How should we incentivize private landowners to 'produce' more biodiversity?

Nick Hanley, Simanti Banerjee, Gareth D. Lennox, Paul R. Armsworth

Research output: Contribution to journalArticlepeer-review

142 Scopus citations


Globally, much biodiversity is found on private land. Acting to conserve such biodiversity thus requires the design of policies which influence the decision-making of farmers and foresters. In this paper, we outline the economic characteristics of this problem, before reviewing a number of policy options, such as conservation auctions and conservation easements. We then discuss a number of policy design problems, such as the need for spatial coordination and the choice between paying for outcomes rather than actions, before summarizing what the evidence and theory developed to date tell us about those aspects of biodiversity policy design which need careful attention from policy-makers and environmental regulators.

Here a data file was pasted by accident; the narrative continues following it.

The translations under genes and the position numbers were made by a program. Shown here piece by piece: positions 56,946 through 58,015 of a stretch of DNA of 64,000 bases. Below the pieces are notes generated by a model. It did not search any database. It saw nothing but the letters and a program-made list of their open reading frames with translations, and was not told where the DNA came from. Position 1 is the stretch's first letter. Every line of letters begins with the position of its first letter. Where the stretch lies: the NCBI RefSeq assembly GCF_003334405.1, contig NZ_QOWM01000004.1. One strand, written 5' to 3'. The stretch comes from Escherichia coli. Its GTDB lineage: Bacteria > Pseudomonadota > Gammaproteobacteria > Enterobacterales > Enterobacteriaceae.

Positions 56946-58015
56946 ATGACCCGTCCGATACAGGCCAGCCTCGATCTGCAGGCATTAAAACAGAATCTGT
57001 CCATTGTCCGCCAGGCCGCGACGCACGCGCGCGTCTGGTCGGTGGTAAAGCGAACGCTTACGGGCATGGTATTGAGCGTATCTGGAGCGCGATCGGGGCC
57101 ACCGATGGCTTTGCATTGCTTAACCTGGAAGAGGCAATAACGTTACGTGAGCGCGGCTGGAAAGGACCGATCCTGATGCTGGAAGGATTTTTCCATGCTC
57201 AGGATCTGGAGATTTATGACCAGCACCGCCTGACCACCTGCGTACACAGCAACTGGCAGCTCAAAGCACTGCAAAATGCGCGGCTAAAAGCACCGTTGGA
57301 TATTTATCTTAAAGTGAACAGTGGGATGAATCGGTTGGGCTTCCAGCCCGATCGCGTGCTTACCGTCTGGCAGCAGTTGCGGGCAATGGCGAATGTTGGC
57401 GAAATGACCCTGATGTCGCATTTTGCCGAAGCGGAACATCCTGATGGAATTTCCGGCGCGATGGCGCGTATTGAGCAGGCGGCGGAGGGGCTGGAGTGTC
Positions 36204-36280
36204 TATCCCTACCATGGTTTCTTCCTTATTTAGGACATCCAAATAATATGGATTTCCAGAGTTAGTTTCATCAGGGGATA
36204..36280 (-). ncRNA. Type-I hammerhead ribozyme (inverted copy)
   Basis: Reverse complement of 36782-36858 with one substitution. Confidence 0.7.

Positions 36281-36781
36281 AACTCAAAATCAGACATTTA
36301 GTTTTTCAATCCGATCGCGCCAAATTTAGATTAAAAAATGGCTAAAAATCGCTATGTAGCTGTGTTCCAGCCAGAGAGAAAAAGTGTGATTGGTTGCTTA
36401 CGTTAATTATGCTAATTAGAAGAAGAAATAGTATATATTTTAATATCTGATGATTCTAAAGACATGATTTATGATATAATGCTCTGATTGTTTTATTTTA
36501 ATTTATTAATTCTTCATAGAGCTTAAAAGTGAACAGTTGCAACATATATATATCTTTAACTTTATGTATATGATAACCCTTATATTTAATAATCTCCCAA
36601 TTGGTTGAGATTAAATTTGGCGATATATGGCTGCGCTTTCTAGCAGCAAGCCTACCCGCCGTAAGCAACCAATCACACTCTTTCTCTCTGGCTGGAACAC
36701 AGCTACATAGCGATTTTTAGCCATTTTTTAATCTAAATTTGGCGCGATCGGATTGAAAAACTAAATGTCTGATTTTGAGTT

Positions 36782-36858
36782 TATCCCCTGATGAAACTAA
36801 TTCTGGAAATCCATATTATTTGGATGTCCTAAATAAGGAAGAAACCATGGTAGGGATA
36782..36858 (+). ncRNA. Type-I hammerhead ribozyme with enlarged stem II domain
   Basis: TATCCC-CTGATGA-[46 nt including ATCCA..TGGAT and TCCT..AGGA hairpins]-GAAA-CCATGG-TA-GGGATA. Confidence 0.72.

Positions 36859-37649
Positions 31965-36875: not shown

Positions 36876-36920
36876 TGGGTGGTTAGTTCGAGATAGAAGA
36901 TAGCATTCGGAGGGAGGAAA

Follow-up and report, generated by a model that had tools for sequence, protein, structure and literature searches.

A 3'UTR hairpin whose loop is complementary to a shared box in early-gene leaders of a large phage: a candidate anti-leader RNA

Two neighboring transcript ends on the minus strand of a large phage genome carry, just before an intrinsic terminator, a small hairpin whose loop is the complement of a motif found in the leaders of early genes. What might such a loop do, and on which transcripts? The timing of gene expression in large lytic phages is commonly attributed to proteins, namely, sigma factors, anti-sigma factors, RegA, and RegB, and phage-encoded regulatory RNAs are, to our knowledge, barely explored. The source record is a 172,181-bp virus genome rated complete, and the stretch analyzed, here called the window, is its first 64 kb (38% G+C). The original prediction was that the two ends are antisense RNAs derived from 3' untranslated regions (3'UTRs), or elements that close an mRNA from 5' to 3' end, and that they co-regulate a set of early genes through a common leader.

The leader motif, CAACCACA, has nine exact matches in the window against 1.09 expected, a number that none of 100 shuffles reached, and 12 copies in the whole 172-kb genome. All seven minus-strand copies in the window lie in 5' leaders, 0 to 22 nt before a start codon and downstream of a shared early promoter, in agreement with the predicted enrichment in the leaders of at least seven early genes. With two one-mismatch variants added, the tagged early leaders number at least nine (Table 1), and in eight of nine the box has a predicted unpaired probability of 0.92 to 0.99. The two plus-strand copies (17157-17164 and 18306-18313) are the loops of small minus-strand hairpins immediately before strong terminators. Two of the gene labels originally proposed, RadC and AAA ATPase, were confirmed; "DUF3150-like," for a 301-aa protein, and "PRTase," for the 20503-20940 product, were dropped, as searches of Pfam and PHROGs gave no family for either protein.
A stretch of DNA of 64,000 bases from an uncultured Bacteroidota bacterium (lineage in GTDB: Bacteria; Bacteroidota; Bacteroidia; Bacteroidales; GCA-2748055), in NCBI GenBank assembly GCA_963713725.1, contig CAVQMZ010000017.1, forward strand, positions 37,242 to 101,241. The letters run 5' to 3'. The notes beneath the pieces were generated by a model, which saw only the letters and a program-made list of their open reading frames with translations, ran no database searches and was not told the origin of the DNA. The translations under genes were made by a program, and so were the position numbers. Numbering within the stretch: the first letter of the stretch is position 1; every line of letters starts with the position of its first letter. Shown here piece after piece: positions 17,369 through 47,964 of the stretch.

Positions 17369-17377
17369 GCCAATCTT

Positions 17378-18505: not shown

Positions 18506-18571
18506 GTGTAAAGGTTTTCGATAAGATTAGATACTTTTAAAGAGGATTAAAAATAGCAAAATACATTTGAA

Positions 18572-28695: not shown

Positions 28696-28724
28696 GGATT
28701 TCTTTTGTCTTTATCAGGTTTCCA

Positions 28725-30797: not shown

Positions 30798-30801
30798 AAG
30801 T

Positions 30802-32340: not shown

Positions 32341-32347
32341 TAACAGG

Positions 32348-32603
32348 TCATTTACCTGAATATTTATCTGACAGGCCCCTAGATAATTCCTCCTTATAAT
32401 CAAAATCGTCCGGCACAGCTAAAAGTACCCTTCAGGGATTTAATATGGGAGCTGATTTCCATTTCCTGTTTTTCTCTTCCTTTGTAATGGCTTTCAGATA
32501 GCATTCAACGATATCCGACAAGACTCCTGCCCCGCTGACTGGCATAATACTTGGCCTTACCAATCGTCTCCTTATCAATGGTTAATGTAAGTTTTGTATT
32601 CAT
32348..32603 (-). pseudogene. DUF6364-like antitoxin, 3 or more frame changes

Original languageEnglish (US)
Article numbergrs002
Pages (from-to)93-113
Number of pages21
JournalOxford Review of Economic Policy
Issue number1
StatePublished - Oct 2012
Externally publishedYes


  • Agglomeration bonus
  • Biodiversity
  • Conservation auctions
  • Conservation easements
  • Economic instruments
  • Payments for ecosystem services

ASJC Scopus subject areas

  • Economics and Econometrics
  • Management, Monitoring, Policy and Law


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